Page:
What is the text of Romans 4:1? How should it be translated?
There are several distinct textual and translation issues:
1. Word order:
The traditional text reads: Abraam ton patera hemon eurekenai kata sarka
Literally: Abraham the father of us to find concerning the flesh
The modern critical Greek text reads: eurekenai Abraam ton propatora hemon kata sarka
Literally: to find Abraham the forefather of us according to the flesh
External evidence: The traditional text is supported by the Majority of manuscripts. The modern critical text is supported by six Greek manuscripts (original hand of Sinaiticus, Alexandrinus, original hand of C, 81, 365, and 1506) and one or two translations (the Syriac Sahidic and possibly the Bohairic). There are also a handful of other Greek manuscripts that share the modern critical text word order, except for their use of the noun patera rather than propatora. Codex Vaticanus and one other Greek manuscript omit the infinitive eurekenai altogether. Thus, the RSV/NRSV/ESV tradition all have a note suggesting the possibility of the reading: "What shall we say about Abraham…."
Analysis: It certainly seems possible that a scribe might have accidentally written the infinitive eurekenai first and then "corrected" his mistake by adding the other words in the order. The verb might also have been omitted (as in B). There is no compelling reason to reject the traditional word order as attested in the vast majority of manuscripts.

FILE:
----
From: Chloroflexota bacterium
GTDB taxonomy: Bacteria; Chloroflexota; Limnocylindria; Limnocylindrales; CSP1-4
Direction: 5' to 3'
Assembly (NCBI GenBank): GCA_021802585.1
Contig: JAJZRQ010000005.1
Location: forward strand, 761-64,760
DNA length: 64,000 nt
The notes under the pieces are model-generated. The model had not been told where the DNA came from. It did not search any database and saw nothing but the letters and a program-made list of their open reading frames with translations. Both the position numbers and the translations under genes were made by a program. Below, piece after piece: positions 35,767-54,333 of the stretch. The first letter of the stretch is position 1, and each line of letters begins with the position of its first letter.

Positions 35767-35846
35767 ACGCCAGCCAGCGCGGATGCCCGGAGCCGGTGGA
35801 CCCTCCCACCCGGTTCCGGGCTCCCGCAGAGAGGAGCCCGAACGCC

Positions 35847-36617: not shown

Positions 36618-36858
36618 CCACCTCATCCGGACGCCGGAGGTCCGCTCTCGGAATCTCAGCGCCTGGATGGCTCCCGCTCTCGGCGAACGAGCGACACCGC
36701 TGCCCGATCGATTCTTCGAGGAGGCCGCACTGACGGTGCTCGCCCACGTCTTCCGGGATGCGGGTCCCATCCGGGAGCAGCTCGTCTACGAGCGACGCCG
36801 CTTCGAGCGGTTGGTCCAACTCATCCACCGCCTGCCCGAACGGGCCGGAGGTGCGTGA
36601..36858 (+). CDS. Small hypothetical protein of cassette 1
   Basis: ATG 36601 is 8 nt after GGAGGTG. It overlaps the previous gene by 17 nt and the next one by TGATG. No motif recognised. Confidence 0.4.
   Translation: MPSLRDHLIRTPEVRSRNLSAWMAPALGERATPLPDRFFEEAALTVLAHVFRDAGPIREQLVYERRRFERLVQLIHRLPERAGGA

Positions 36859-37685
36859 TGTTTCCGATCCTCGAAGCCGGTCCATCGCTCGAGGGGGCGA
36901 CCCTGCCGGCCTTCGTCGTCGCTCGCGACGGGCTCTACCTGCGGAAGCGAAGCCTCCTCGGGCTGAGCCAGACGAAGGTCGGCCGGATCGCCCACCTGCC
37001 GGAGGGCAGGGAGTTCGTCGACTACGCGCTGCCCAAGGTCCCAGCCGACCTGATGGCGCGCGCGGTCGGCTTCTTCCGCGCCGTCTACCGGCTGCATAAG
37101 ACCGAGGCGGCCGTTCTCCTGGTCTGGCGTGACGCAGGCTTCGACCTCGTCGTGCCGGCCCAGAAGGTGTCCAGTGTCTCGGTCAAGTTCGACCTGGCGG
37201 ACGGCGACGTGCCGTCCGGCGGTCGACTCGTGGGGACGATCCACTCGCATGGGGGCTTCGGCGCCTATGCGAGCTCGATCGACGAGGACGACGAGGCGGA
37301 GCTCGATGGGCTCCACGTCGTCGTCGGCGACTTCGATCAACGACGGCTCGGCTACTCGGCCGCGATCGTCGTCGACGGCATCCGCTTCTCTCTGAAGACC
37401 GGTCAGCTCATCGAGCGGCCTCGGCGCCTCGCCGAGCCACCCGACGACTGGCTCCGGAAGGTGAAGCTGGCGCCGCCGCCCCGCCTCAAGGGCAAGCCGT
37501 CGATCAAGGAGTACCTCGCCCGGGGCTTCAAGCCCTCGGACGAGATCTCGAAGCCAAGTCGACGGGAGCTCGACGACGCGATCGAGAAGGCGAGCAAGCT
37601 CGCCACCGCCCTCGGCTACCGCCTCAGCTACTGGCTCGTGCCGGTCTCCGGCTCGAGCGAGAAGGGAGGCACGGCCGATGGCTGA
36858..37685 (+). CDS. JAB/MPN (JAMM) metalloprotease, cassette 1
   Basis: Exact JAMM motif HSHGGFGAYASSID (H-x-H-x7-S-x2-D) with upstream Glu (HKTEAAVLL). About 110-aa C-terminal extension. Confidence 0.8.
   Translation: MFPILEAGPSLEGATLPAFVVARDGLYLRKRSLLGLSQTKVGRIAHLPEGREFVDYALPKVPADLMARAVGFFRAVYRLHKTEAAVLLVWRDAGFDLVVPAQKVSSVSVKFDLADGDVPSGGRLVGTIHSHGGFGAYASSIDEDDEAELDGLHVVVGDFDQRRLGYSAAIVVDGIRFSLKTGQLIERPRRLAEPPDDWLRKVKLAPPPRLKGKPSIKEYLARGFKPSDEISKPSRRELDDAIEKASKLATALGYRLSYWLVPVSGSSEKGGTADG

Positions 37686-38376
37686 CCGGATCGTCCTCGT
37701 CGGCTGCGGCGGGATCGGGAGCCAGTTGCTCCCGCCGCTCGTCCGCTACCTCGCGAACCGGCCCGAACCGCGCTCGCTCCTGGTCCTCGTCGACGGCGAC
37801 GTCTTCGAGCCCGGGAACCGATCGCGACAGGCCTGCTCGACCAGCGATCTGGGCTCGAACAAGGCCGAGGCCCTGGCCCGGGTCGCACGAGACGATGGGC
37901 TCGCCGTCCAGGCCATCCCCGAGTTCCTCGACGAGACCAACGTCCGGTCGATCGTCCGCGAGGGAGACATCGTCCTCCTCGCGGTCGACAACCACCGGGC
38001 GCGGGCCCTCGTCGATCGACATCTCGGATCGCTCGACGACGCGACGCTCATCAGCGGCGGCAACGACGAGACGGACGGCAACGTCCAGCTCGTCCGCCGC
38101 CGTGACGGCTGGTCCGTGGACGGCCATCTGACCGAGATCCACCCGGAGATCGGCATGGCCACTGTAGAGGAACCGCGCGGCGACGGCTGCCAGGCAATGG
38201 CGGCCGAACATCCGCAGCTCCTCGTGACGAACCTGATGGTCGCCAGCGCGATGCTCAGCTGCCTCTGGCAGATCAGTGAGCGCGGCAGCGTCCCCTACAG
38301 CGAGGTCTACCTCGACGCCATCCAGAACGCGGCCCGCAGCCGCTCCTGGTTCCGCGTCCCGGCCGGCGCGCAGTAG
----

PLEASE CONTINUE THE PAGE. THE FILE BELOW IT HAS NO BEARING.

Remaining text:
Internal evidence: As we shall see below in the discussion of translation, a scribe might also have been motivated to "smooth out" the text by having kata sarka come behind the noun "father" to stress Abraham as the physical progenitor of the Jews.
2. Word variation:
The traditional text refers to Abraham as "father" (patera) and the modern text as "forefather" (propatora).
External Evidence: The textual evidence is divided as above with only six Greek manuscripts supporting propatora. It seems more likely, however, that a scribe might expand the meaning of "father" to "forefather" and less likely that one would diminish "forefather" to mere "father." Thus, "father" is the best reading.
3. Translation of kata sarka:
Here, the main question is whether the prepositional phrase "according to the flesh" should be read as modifying the noun "father" or the infinitive absolute verb "to find." Does it read: "what Abraham our father according to the flesh found" or "what Abraham our father found according to the flesh"?
If the former, Paul would be speaking to his fellow Jews and stressing their common physical heritage as Jews through their descent from Abraham, their "father according to the flesh." This translation is reflected in the NASB: "What then shall we say that Abraham, our forefather according to the flesh, has found?" and the ESV: "What then shall we say was gained by Abraham, our forefather according to the flesh?"
If the latter, then the kata sarka would relate to the verb. Thus, "What did Abraham our father find according to the flesh (according to physical things)?" What did Abraham discover regarding efforts at justification or gaining a right standing with God "according to the flesh" (i.e., through the efforts of the flesh)?
This is the translation reflected in the AV: "What shall we say then that Abraham our father, as pertaining to the flesh, hath found?" And also in the NIV: "What then shall we say that Abraham, our forefather, discovered in this matter?" Note, however, that the NIV prefers "forefather" to "father."
The latter appears to be the best option. This is especially the case when we consider that Paul is not merely speaking to Jews here but to Jews and Gentiles who have found a new identity in Christ, as is made clear later in the passage (see Romans 4:11 where Paul describes Abraham as the father of all who believe, both Jews and Gentiles). Thus, when Paul speak of Abraham as "our father" he is not saying that Abraham is the father of "we Jews" but of "we Christians (both Jews and Gentiles)."
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